Le Marchant urged, with some reason, that on the longer tramp to the south his presence with me would introduce a danger which would be absent if I were alone. For his English was not fluent, and he spoke it with an accent that would betray him at once. He even suggested our parting, if we ever did succeed in getting out—he to take his chance eastward, while I went south, lest he should prove a drag on me. But this I would not hear of, and the matter was still undecided when our chance came suddenly and unexpectedly.
HOW WE SAID GOOD-BYE TO AMPERDOO
We were well into the summer by the time Le Marchant was fully fit to travel, and we had planned and pondered over that outer stockade till our brains ached with such unusual exercise, and still we did not see our way. For the outer sentries were too thickly posted to offer any hopes of overcoming them, and even if we succeeded in getting past any certain one, the time occupied in scaling the outer palisades would be fatal to us.
Then our chance came without a moment’s warning, and we took it on the wing.
It was a black oppressive night after a dull hot day. We had been duly counted into our long sleeping-room, and were lying panting in our hammocks, when the storm broke right above us. There came a blinding blue glare which lit up every corner of the room, and then a crash so close and awful that some of us, I trow, thought it the last crash of all. For myself, I know, I lay dazed and breathless, wondering what the next minute would bring.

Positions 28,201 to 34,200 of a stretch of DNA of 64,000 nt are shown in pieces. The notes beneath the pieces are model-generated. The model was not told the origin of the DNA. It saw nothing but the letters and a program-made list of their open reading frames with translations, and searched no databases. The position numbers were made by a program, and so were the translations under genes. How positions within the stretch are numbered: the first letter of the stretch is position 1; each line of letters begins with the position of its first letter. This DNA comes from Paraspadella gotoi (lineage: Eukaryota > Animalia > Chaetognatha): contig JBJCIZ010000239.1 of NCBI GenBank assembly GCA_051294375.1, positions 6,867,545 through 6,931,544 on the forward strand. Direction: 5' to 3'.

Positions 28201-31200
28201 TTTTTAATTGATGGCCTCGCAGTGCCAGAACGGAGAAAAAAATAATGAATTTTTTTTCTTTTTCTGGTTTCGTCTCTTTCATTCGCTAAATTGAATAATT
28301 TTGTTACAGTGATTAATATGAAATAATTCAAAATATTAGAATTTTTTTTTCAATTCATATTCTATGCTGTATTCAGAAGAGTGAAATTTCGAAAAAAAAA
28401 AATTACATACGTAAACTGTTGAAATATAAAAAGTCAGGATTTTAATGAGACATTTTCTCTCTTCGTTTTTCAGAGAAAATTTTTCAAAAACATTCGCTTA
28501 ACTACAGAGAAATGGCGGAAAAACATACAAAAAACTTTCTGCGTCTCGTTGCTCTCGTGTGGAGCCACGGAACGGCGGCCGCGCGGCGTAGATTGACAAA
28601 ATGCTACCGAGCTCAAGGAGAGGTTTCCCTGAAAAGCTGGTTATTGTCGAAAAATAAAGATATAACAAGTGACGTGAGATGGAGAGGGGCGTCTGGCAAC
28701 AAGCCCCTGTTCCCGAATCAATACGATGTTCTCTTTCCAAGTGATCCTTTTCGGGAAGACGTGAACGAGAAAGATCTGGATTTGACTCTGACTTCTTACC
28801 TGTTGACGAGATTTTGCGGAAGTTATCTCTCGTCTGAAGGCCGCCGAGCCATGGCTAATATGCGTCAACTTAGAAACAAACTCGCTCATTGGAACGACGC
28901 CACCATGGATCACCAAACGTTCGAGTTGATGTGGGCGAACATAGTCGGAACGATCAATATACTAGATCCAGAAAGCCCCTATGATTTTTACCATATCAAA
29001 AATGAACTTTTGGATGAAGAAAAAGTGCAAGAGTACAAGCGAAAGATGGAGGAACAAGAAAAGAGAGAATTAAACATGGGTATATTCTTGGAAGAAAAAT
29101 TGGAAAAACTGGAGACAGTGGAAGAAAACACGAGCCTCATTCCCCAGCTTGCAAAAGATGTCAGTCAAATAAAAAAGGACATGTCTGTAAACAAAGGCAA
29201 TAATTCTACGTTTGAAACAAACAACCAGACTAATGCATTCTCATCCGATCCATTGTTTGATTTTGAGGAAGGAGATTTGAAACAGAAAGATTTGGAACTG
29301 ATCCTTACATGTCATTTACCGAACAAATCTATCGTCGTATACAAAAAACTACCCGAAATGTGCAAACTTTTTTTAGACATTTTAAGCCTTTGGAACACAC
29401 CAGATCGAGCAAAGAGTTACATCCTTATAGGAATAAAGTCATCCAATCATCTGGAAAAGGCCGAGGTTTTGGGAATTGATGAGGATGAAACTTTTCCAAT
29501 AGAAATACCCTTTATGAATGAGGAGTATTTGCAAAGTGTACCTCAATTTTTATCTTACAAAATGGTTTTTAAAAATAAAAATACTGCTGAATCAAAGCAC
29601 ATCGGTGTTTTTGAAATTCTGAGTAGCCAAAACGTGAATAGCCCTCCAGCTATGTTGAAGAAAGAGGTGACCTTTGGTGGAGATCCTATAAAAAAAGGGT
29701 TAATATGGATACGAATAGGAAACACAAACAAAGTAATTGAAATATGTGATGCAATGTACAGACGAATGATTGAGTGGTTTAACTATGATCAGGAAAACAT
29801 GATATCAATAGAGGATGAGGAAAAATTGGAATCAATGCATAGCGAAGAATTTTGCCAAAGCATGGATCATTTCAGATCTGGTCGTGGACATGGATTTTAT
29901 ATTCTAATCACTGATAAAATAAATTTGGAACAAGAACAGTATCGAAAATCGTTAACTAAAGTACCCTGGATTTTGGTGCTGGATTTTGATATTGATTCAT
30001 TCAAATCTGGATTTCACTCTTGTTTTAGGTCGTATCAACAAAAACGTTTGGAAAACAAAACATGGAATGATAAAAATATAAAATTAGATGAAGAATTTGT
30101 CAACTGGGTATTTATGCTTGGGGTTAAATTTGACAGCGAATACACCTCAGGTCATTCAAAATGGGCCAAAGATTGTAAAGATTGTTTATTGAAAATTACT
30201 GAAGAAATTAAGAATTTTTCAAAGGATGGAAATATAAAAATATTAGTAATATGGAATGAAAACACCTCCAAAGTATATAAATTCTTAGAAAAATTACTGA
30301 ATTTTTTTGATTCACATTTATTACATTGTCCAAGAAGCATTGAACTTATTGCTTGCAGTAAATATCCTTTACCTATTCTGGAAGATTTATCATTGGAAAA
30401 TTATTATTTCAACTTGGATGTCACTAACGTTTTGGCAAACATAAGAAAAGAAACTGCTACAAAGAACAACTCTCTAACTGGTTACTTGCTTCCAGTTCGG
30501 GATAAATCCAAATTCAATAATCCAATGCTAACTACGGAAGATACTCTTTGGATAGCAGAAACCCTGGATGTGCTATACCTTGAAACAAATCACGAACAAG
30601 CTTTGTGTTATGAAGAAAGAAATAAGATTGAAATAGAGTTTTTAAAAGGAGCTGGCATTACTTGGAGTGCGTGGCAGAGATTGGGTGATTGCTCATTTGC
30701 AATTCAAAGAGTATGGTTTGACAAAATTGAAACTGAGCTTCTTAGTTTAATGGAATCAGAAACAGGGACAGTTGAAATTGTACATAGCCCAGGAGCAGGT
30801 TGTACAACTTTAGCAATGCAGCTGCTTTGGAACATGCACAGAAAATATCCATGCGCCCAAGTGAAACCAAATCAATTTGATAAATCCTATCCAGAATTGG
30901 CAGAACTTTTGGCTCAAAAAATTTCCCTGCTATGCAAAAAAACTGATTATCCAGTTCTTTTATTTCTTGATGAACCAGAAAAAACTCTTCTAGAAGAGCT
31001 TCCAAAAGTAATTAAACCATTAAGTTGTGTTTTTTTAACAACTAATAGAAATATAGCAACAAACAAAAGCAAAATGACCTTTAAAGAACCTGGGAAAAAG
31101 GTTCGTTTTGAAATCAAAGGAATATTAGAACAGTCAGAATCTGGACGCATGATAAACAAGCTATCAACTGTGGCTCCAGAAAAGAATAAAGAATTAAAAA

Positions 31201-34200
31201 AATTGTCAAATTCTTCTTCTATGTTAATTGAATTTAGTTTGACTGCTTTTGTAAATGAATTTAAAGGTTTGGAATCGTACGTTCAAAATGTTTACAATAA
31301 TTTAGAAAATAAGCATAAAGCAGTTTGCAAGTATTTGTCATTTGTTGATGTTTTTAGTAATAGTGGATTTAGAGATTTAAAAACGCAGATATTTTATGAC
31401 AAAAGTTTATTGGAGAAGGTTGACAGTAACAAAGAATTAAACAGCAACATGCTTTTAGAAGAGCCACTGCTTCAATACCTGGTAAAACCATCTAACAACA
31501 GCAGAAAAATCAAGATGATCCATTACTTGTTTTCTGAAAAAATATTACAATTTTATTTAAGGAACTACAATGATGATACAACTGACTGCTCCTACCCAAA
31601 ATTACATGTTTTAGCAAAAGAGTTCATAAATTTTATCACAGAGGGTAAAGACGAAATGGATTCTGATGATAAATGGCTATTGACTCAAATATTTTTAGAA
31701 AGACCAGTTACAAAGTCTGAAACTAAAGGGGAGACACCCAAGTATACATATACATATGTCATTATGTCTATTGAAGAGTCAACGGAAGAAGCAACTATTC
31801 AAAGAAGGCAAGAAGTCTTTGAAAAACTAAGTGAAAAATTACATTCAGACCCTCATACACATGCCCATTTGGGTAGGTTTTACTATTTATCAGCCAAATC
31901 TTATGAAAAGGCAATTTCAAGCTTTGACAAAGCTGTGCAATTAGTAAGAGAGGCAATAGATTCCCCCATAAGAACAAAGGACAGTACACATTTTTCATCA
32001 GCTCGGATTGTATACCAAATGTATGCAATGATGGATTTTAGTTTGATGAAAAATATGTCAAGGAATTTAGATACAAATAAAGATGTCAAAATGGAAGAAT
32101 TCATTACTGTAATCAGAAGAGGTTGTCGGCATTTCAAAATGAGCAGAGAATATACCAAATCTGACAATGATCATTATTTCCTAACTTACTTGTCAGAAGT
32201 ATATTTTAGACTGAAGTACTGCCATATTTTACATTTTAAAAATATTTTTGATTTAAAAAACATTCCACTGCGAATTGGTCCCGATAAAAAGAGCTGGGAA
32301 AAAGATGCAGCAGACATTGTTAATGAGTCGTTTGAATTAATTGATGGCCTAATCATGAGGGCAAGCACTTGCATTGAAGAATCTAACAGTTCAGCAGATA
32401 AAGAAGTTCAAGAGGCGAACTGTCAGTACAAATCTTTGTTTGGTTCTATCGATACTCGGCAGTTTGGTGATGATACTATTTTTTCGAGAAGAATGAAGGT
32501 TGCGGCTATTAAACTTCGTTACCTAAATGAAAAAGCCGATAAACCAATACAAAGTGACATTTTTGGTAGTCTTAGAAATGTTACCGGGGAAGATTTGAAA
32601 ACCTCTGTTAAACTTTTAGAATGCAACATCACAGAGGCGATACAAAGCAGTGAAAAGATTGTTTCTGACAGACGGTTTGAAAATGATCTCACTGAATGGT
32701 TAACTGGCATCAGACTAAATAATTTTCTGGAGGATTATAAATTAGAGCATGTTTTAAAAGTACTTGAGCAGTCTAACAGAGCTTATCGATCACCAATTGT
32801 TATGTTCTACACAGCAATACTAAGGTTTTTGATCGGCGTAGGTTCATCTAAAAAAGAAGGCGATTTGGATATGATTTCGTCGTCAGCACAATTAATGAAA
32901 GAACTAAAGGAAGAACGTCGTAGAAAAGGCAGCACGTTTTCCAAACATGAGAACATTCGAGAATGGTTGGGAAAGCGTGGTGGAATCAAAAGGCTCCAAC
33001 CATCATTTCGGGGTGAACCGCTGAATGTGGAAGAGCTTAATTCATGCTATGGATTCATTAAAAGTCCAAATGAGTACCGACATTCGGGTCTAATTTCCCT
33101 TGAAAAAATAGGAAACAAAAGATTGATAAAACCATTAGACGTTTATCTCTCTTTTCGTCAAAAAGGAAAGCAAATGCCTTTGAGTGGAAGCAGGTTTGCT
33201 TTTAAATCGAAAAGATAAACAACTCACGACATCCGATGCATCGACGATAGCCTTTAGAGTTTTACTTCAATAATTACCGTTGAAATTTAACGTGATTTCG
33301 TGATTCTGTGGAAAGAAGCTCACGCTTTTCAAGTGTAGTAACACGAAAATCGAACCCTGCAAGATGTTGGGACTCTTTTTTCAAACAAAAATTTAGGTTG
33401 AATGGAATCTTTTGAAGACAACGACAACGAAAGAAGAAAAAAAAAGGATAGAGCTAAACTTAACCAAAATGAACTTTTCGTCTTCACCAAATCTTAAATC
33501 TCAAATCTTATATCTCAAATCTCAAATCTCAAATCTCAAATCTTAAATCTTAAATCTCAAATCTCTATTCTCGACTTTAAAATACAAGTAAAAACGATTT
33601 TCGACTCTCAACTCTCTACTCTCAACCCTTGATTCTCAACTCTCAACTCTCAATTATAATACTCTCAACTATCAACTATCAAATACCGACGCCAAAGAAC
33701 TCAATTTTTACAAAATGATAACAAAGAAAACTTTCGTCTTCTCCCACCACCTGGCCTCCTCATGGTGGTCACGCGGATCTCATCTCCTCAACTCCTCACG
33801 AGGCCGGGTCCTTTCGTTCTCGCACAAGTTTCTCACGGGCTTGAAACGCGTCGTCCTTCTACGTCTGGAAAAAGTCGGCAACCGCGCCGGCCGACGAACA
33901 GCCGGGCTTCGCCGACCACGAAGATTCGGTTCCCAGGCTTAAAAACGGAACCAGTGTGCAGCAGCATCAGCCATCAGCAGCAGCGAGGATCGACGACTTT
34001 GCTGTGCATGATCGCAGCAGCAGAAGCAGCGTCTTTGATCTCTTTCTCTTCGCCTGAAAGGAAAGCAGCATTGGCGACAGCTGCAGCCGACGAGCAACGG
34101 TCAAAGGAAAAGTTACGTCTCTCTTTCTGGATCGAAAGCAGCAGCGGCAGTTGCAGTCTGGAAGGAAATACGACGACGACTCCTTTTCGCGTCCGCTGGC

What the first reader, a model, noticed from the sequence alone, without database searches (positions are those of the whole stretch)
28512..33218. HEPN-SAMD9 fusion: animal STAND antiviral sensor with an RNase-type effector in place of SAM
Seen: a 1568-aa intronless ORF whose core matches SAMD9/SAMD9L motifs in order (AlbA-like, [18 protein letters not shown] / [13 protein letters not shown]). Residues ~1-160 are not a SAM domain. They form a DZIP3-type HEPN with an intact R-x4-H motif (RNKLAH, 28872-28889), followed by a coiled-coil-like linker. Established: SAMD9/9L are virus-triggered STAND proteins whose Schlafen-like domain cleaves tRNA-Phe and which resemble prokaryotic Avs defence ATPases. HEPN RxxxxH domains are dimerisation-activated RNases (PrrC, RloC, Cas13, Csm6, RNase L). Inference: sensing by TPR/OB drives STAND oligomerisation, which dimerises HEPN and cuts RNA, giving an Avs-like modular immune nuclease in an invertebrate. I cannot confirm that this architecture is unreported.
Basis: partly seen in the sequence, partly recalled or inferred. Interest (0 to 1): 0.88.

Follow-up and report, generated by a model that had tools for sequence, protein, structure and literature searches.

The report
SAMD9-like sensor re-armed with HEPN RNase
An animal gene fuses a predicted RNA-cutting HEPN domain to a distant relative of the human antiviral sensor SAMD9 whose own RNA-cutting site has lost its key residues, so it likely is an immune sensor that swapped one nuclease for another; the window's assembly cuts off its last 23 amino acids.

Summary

It brought wild shouts from outside and the rush of many feet, the hurried clanging of a bell, the beating of a drum, and then everything was drowned in a furious downpour of rain which beat on the roof like whips and flails.
What was happening I could not tell, but there was confusion without, and confusion meant chances.
I slipped out of my hammock, unhitched it, and stole across to Le Marchant.
“Come! Bring your hammock!” I whispered, and within a minute we were outside in the storm, drenched to the skin but full of hope.
One of the long wooden houses on the other side of the enclosure was ablaze, but whether from the lightning or as cover to some larger attempt at escape we could not tell. Very likely the latter, I have since thought, for the soldiers were gathering there in numbers, and the bell still rang and the drum still beat.
Without a word, for all this we had discussed and arranged long since, we crept to the palisade nearest to us. I took my place solidly against it. Le Marchant climbed up onto my shoulders, flung the end of his hammock over the spiked top till it caught with its cordage, and in a moment he was sitting among the teeth up above. Another moment, and I was alongside him, peering down into the danger ring below, while the rain thrashed down upon us so furiously that it was all we could do to see or hear. We could, indeed, see nothing save what was right under our hands, for the dead blackness of the night was a thing to be felt.